An ideal for which I am prepared to die - Part 1 This statement was made from the dock at the opening of Mandela's trial on charges of sabotage, Supreme court of South Africa, Pretoria, April 20 1964. I am the first accused. I hold a bachelor's degree in arts and practised as an attorney in Johannesburg for a number of years in partnership with Oliver Tambo. I am a convicted prisoner serving five years for leaving the country without a permit and for inciting people to go on strike at the end of May 1961. At the outset, I…
Ask not what your country can do for you This speech was delivered by John F Kennedy at his inauguration in Washington on January 20 1961. John F. Kennedy gives his inaugaural address in 1961 Vice-president Johnson, Mr Speaker, Mr Chief Justice, President Eisenhower, Vice-president Nixon, President Truman, reverend clergy, fellow citizens: We observe today not a victory of party, but a celebration of freedom - symbolising an end, as well as a beginning - signifying renewal, as well as change. For I have sworn before you and almighty Godthe same solemn oath our forebears prescribed nearly a century and…
Sunday, 15 January 2012 11:02

A Tryst with Destiny by Jawaharlal Nehru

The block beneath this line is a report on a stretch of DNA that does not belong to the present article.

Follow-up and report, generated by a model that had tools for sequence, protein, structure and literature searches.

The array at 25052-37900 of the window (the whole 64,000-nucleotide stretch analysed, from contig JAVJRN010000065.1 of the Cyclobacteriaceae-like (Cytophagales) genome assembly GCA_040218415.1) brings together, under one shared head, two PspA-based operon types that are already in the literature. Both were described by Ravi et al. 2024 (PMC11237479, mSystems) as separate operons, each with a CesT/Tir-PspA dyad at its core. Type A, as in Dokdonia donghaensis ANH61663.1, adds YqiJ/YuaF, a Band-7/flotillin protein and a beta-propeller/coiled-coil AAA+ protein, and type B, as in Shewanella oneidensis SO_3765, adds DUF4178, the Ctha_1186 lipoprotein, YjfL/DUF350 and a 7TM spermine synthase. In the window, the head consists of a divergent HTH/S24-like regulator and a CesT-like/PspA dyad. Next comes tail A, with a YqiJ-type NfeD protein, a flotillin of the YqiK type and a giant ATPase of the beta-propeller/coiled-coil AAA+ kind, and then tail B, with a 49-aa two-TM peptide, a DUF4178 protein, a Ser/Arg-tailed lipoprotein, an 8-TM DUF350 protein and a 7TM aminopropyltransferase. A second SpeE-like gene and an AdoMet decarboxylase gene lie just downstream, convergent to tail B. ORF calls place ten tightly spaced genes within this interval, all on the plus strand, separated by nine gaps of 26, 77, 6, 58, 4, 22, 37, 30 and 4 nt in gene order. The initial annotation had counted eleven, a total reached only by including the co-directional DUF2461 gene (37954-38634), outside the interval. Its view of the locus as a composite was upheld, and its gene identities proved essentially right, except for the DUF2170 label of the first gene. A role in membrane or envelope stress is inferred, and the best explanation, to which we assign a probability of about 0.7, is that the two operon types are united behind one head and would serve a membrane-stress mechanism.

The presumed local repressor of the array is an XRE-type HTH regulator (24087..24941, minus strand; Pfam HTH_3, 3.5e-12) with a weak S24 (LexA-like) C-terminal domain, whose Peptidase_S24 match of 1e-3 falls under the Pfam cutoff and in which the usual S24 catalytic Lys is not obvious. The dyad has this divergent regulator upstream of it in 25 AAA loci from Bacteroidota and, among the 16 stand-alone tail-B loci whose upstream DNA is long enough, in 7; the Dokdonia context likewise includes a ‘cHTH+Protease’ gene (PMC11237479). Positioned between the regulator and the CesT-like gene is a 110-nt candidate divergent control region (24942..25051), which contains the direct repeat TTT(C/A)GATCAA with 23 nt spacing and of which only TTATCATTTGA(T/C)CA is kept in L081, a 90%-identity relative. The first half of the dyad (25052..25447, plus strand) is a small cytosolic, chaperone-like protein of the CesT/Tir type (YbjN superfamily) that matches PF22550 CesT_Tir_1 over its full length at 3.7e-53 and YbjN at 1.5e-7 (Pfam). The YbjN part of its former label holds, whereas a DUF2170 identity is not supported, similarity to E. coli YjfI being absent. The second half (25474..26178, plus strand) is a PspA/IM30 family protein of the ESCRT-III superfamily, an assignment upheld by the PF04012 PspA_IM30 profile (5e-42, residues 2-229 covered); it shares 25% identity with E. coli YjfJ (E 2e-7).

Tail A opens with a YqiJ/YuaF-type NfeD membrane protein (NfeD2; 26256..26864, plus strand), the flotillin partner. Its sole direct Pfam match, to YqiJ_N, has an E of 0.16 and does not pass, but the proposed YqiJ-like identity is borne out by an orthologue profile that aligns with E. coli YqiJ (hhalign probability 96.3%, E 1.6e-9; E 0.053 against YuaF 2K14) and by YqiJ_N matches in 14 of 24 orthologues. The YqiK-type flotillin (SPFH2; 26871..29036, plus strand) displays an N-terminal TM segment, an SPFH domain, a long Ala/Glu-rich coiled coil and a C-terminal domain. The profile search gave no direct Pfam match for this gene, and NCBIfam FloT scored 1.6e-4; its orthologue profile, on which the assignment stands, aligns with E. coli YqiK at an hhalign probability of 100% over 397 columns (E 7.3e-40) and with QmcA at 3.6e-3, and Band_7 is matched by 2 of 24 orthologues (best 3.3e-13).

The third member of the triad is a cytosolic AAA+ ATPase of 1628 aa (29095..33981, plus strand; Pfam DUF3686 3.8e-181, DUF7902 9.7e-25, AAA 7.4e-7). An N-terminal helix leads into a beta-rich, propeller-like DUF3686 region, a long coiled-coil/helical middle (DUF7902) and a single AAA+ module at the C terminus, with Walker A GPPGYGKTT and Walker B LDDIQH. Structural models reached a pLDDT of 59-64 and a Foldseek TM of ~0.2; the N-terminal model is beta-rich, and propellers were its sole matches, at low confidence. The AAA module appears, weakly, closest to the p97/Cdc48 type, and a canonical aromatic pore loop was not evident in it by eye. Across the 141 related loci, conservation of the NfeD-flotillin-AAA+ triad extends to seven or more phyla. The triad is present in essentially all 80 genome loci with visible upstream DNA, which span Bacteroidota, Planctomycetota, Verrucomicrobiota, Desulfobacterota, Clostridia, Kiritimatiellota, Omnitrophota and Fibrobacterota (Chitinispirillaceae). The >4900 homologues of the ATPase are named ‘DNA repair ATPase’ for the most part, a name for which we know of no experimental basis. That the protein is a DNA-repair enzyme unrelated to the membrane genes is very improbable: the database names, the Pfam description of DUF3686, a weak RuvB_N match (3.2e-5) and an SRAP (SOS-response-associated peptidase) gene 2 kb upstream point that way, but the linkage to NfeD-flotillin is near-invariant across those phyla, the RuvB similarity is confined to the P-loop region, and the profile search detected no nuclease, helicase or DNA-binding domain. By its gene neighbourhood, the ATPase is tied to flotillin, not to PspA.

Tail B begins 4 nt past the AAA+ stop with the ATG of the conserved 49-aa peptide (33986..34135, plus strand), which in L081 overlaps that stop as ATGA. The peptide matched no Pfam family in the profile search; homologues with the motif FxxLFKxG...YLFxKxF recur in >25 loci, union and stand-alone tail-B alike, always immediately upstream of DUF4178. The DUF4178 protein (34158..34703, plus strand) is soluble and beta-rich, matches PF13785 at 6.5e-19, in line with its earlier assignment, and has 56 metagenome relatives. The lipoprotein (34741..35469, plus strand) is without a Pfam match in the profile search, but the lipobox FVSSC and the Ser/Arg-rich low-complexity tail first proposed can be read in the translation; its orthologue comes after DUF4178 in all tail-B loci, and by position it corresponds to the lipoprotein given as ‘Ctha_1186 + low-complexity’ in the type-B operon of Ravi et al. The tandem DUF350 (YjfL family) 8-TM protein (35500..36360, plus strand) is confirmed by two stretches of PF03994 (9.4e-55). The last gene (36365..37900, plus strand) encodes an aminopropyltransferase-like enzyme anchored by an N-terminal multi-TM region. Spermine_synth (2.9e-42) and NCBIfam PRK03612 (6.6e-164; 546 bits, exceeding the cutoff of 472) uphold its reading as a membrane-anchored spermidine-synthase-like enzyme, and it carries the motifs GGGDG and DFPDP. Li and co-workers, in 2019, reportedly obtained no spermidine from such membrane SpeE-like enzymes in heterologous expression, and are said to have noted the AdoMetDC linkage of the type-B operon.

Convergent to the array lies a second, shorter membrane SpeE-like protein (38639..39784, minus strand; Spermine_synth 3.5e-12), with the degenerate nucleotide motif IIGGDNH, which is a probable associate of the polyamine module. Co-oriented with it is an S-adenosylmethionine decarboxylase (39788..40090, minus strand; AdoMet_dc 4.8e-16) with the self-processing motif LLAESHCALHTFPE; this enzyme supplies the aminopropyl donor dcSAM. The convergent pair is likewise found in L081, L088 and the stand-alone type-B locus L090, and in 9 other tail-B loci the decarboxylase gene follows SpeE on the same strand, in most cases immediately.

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A Tryst with Destiny This speech was delivered to the Constituent Assembly of India in New Delhi on August 14 1947 Long years ago we made a tryst with destiny, and now the time comes when we shall redeem our pledge, not wholly or in full measure, but very substantially. At the stroke of the midnight hour, when the world sleeps, India will awake to life and freedom. A moment comes, which comes but rarely in history, when we step out from the old to the new, when an age ends, and when the soul of a nation, long suppressed,…
Sunday, 15 January 2012 09:17

Farewell to Baseball Address by Lou Gehrig

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Lou Gehrig, "Farewell to Baseball Address" July 4, 1939; Yankee Stadium It seemed as if the luminous career of Lou Gehrig would go on forever. The Yankee's first baseman and prodigious slugger was nicknamed the Iron Horse for his durability and commitment to the game. Sadly, his record for suiting up for 2,130 consecutive games came to an end when at age 36, Gehrig was stricken with the crippling disease that now bears his name. On July 4, 1939, the Yankees held a ceremony to honor their teammate and friend. They retired Gehrig's number, spoke of his greatness, and presented…
“The Meaning of July Fourth for the Negro” by Frederick Douglas July 5, 1852 Fellow Citizens, I am not wanting in respect for the fathers of this republic. The signers of the Declaration of Independence were brave men. They were great men, too Ñ great enough to give frame to a great age. It does not often happen to a nation to raise, at one time, such a number of truly great men. The point from which I am compelled to view them is not, certainly, the most favorable; and yet I cannot contemplate their great deeds with less than…